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A couple of weeks ago the New York Sunday Times had a long report on American youth. It was called “It’s Life or Death: The Mental Health Crisis among US Teens.” Surprisingly absent from the Times report is any indication of the loss or lack of meaning among the young. Do they feel their lives have meaning, or their future, the earth, the country, the church?
But hope is not a wish. It is the expression of faith in God’s promises and our commitment to live so as to make the present world better. The present signs of chaos may be the call to change and simplify our lives, to learn how to live the human story in a new way.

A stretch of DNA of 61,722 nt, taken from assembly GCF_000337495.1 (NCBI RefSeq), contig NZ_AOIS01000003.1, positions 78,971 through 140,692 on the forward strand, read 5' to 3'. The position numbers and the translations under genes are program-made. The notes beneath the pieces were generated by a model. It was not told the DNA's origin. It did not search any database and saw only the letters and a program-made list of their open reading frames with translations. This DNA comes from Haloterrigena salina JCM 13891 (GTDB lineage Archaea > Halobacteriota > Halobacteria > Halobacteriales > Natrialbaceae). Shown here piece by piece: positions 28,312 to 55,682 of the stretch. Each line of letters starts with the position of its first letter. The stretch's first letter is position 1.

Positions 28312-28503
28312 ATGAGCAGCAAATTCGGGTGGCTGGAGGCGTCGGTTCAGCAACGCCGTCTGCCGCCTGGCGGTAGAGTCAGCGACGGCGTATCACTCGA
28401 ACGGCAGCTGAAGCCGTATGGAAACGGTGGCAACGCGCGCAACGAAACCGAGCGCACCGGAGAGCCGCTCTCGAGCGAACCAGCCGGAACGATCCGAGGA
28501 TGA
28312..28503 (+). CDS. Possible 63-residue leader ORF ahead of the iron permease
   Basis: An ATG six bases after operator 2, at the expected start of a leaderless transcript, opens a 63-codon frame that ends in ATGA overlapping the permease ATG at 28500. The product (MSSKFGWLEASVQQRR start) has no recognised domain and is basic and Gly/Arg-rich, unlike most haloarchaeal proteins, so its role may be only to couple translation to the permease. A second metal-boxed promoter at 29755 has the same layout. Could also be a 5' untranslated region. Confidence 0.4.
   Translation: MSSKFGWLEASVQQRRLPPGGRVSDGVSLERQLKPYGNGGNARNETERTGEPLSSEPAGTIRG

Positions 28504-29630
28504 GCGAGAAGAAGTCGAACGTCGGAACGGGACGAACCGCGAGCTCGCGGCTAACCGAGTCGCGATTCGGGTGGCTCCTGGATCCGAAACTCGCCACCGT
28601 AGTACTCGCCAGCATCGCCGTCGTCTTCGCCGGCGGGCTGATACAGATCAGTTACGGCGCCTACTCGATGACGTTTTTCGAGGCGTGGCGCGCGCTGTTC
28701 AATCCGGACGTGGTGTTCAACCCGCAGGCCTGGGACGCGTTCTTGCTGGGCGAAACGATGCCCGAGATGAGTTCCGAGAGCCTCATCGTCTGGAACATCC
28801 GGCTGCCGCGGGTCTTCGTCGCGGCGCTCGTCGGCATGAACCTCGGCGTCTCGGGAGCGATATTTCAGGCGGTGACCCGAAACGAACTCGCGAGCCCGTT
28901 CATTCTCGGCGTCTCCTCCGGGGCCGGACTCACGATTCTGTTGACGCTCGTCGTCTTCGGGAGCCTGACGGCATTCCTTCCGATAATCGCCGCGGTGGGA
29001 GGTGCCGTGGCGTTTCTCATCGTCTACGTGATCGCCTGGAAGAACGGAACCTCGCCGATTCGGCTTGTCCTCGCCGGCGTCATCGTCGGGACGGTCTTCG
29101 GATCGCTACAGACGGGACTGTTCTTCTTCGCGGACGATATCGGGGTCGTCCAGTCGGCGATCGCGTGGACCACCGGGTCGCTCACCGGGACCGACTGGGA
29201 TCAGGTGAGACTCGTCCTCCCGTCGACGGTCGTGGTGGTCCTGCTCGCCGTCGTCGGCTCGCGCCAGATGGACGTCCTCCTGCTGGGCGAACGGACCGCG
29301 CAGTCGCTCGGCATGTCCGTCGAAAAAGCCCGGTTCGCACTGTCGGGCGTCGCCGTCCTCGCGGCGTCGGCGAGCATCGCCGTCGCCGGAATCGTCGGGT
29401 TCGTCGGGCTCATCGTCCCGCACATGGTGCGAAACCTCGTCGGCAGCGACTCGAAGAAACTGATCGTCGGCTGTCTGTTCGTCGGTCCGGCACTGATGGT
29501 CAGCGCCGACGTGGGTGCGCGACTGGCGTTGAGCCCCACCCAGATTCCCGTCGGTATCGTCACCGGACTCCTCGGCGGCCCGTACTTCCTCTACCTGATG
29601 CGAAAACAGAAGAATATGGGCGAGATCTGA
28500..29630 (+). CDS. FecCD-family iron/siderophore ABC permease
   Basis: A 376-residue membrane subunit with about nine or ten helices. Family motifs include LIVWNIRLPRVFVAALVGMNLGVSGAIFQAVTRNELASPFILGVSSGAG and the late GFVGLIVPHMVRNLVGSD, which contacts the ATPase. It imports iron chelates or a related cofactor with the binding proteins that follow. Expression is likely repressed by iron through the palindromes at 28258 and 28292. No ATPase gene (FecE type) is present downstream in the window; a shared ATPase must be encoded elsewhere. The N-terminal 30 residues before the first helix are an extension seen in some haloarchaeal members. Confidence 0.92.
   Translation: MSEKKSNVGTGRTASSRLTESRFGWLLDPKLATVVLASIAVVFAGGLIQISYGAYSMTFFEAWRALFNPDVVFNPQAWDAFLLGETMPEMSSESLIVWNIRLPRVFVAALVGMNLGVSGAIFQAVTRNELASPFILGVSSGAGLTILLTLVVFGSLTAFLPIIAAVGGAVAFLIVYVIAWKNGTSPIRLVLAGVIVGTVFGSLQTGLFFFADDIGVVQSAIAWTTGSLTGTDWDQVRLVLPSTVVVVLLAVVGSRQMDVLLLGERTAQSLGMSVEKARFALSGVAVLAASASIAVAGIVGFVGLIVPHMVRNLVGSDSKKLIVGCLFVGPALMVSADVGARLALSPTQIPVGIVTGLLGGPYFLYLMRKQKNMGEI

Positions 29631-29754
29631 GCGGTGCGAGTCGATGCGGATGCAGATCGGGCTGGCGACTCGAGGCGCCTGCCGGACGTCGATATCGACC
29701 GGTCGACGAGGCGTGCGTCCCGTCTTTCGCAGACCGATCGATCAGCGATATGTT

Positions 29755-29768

The pandemic has been revealing our connectedness as people of this planet. Separation and isolation are the biggest anti-human ways we sin. Unity (not uniformity) shows how we are created in the image of God – three in one, different but the same.
The world, the church, even the country in which I grew up no longer exist. Facing the demands of our time requires a lot of savvy and courage.
“The poor you have with you always,” said Jesus. But they’re not supposed to be the same poor.
Every election cycle affords us an opportunity to reflect on the role of citizen Catholics and our voting.